From this, we could see how aggressive the FDIC was. They’re the one with the dial that they can turn up or down and deliver alpha to participants. In fact, as this program proceeds, by looking at the leverage offered, we’d be able to determine exactly what they’re offering participants, how much of a wealth transfer this is, and who Treasury is really looking out for.

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  20. steve says:

    you’re missing a critical element — the treasury matches investor equity 1 for 1

    so 6:1 leverage from the FDIC

    .5 of the equity comes from private sources
    .5 comes from Treasury TARP funds

    this changes the payout ratios significantly if you consider Treasury and the FDIC to be the same entity (ie USG)

    in essence the government is selling a free put option to itself — or in other words, it is monetizing the full faith and credit of the USG, letting it all ride on bets on junky assets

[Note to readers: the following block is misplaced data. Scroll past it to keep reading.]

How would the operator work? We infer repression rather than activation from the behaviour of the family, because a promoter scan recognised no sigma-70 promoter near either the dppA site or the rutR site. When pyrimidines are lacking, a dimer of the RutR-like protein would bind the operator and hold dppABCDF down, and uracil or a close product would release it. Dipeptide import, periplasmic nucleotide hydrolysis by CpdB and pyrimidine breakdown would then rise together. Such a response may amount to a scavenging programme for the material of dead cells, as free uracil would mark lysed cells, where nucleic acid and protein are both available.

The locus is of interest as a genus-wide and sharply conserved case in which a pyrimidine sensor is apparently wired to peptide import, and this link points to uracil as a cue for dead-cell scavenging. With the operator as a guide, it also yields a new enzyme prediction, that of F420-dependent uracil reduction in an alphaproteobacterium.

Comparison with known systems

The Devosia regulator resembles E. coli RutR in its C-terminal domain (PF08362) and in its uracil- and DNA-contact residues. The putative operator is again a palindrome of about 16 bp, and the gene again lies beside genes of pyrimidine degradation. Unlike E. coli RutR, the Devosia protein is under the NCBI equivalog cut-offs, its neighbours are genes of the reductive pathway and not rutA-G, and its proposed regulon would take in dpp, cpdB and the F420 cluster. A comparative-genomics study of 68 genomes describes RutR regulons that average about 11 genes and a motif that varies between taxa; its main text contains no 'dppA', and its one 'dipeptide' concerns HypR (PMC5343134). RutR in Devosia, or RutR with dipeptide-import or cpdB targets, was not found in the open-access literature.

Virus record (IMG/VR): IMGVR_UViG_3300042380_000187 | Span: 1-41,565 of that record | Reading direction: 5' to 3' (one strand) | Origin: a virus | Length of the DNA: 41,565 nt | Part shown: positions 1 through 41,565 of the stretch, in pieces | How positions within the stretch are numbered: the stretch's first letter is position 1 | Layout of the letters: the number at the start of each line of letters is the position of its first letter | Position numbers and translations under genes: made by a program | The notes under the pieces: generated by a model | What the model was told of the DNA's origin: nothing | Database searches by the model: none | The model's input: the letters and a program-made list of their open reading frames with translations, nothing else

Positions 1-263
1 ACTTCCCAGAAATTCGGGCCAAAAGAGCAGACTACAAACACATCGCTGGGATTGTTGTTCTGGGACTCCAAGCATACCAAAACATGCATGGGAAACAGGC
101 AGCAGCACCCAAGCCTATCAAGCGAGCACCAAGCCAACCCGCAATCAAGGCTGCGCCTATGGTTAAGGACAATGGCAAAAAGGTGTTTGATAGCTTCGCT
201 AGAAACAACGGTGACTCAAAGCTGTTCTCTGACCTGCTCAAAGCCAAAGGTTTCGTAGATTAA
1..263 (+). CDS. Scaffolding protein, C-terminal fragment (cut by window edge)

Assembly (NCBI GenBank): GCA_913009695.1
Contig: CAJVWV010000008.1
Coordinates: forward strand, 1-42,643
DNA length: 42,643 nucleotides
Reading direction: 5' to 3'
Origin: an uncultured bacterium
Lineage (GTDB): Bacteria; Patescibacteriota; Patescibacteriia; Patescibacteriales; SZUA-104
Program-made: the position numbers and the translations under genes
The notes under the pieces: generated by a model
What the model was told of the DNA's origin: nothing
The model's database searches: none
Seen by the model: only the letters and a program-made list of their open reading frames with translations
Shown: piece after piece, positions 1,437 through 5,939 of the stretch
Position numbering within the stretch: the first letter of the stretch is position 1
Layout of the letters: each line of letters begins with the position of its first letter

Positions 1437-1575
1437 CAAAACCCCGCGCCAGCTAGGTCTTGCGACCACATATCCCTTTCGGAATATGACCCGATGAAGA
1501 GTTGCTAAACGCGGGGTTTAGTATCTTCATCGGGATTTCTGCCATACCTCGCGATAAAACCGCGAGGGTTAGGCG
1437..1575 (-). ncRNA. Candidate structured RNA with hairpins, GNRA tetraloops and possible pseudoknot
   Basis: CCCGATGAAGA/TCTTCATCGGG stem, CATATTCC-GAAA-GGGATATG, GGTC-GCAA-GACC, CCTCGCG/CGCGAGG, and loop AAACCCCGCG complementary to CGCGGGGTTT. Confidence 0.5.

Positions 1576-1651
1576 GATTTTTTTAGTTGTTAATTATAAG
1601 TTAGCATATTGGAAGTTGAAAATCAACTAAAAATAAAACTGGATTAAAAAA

21. sammy says:

    What about the cash flows/interest payments?

    The securities are unlike options in that they generate cash flow for investors and debt service. If you are buying the bonds at .35 and the original yield on the portfolio was 7%, that is about 20%. I don’t see where your model accounts for this.

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  23. Tom Maguire says:

    “What about the cash flows/interest payments?”

    Good point. Another way for the Treasury to protect itself is to restrict dividends from the PPIF (ie., the investment pool.)

    If the equity holders must direct 50% of cash flow to paying down the FDIC debt, for example, the leverage drops pretty quickly from wherever it started.

    Or, if some fraction of cash flow must stay in the pool invested in new assets, leverage still declines over time, just more slowly.

    Well. That would be subject to negotiation with investors, and it only mitigates, not eliminates, the non-recourse issue.

  24. sammy says:

    It seems to me if you include the 20% annual return into the investment calculation, it makes it much less likely that the investment will lose money for either the equity or the debt holders, invalidating your analysis.